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TULSA, Okla. — Matt Kuchar was flopping shots out of the rough during his practice round at Southern Hills on Tuesday when he chunked one so fat that it came up several yards short of the hole, teetering precariously on the edge of the green.
"Knock that back to me," Kuchar told playing his partner, Dustin Johnson, who replied simply: "I don't think I have to."
Just as he predicted, the ball began trickling back off the green, finally stopping at Kuchar's feet some 20 yards away.
It's the kind of thing that could happen on any number of holes during the PGA Championship this week, hilarious to fans and maddening to players. But it's also what famed golf course architected Perry Maxwell had in mind when he first laid out the venerable course near downtown Tulsa nearly 90 years ago, and what Gil Hanse and Jim Wagner tried to restore when the club's membership asked them to take it back to its roots in time for its next major championship.
"It's a sweet place," said Justin Thomas, who has always preferred classic courses. "You know, big fall-offs and run-offs on the greens, and the Bermuda grass makes it very difficult to chip, so it puts a premium on having different techniques and different styles around the greens, and also puts a premium on ball-striking to where you can hit the green.
"I think," Thomas said, "this is an unbelievable major championship venue."
It's been a popular one, for sure, the first to host five PGA Championships and one of the few to have hosted it along with the U.S. Open multiple times. But the course where Tiger Woods won the PGA in 2009, and Retief Goosen the U.S. Open in 2002, is far different from the one that Jordan Spieth, Scottie Scheffler and everyone else will face this week.
It's more like the one where Tommy Bolt triumphed in the 1958 U.S. Open.
The course had changed over the years. It had grown and evolved. Entire creeks that were once in play had disappeared amid thick stands of trees. And those greens, with their trademark "Maxwell's rolls," had lost their original character, turning into saucers that welcomed poorly hit approach shots rather than subtle mounds that rejected them.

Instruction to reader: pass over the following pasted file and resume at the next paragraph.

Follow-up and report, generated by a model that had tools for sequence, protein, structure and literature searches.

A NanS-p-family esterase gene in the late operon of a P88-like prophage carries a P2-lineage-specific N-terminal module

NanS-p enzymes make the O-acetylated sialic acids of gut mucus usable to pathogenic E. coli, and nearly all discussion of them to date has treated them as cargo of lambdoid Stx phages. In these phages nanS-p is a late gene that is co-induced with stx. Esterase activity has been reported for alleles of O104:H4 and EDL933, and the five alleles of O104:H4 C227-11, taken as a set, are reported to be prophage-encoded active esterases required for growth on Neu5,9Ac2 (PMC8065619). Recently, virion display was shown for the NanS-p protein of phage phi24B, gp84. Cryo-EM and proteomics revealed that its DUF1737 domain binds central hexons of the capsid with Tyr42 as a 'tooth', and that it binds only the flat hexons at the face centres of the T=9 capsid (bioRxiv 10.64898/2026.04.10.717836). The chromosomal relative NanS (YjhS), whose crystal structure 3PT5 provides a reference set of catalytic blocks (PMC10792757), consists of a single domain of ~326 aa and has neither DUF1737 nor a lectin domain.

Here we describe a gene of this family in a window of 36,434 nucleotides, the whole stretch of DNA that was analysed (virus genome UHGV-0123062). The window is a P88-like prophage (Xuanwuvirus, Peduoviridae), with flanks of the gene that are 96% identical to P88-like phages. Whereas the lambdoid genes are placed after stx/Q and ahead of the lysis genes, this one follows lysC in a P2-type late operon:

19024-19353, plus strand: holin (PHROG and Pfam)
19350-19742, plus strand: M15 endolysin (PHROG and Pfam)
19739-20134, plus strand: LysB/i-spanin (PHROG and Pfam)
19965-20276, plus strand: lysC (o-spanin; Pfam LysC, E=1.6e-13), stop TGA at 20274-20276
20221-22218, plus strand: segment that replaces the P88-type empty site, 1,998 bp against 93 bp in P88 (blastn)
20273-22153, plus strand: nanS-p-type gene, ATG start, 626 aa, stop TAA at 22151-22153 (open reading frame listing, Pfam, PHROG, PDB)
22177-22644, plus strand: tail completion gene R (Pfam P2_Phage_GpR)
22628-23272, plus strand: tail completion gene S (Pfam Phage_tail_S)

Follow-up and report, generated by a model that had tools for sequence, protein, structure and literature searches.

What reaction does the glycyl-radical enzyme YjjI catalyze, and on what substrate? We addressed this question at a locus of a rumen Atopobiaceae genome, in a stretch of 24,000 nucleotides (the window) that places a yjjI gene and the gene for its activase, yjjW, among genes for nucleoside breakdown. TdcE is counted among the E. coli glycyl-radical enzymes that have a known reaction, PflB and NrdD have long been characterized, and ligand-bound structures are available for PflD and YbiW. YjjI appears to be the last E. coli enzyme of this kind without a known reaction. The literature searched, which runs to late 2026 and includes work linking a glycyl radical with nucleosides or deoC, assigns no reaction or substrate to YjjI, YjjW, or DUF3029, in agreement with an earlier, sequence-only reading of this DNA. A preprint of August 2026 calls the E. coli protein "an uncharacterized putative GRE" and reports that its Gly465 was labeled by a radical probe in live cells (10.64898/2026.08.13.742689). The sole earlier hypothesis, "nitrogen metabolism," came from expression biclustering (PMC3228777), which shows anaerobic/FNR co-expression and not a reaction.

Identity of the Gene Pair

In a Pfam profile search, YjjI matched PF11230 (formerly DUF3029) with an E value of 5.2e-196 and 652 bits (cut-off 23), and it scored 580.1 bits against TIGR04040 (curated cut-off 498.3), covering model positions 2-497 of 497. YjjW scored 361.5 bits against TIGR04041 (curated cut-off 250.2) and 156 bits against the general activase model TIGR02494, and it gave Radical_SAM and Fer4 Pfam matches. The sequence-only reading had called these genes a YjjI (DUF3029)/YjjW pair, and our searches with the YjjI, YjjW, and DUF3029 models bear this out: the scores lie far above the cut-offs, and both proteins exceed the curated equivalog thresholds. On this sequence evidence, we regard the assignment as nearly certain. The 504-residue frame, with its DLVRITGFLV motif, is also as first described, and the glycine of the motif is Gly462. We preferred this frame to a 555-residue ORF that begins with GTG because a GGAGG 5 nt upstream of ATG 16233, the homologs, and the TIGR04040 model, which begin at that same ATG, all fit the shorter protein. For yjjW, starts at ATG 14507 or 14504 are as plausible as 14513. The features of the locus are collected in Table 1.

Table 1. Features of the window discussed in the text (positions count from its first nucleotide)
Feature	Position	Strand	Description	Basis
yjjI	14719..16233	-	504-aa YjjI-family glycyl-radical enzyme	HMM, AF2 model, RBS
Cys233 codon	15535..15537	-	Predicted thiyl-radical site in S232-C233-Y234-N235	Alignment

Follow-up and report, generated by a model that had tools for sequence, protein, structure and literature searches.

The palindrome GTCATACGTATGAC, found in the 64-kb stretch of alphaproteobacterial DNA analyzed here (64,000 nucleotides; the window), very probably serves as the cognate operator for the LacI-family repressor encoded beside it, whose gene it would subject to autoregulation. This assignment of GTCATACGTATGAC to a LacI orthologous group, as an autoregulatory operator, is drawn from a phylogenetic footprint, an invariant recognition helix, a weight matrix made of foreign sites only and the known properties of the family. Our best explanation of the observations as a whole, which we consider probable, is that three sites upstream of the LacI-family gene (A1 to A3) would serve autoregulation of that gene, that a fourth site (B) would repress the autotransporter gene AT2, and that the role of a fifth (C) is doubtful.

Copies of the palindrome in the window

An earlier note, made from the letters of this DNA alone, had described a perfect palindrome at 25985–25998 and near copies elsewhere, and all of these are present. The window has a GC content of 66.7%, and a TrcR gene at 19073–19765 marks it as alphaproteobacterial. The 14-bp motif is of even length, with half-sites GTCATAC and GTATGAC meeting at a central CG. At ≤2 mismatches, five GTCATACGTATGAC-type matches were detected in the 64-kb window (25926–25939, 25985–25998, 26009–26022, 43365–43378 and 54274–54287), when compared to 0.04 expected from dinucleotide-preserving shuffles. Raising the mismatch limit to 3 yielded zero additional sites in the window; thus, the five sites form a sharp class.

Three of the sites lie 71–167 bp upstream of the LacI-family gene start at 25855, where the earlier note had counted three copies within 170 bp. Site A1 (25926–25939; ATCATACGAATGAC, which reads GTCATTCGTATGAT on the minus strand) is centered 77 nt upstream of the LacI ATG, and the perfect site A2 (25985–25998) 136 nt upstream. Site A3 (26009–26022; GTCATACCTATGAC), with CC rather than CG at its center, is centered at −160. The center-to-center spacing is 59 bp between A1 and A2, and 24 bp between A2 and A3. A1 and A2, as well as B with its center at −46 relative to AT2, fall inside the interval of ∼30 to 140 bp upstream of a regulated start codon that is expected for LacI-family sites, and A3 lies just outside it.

It was up to Hanse and Wagner, fresh off a similar restoration of Los Angeles Country Club, to peel back the layers of time.
They got help from Southern Hills club historian Clyde Chrisman, who provided photographs and other material from when the club was established in 1936, along with superintendent Russ Myers, who had worked with them on other projects.
The restoration of the greens was perhaps the biggest change, but it was hardly the only one. Hundreds of trees were removed to create open views across the property. Landing areas were widened. Bunkers were reshaped and moved to more accurately reflect the challenge that Maxwell intended in the days before 300-plus-yard drives became standard.
"I think they did an incredible job," said the PGA's Kerry Haigh, who is responsible for setting up the course for the tournament. "They added five or six new tees for the back. State-of-the-art hygronics on the greens for cool-season grasses here in the hot heat of the summer. And all of that just gives us more sort of canvas to test the best players. It provides a lot more shot options, a lot more shot variety, a lot more options to hit woods or drivers off the tee."
Southern Hills is not necessarily unique in that regard. Many of the nation's historic courses have undergone extension restoration efforts in recent years. Hanse has helped to reshape Merion, Winged Foot and The Country Club, while Bill Coore and Ben Crenshaw have worked on such esteemed layouts as Pinehurst No. 2, Riviera and Seminole.
They've become part golf course architects, part golf course archaeologists. Yet in turning back time, they've also somehow managed to not only maintain the integrity of the original layouts but produce something as relevant as ever.
"The game has changed a lot," Woods said before his practice round Tuesday, "and because the game has changed a lot, Gil has done a fantastic job of altering the golf course. It has a lot more shot options, that's for sure. And we are going to be tested around the greens a lot. A lot of grain, a lot of creativity, but it still puts a premium in putting the ball in play and in the fairway and somehow below the holes in the right spots."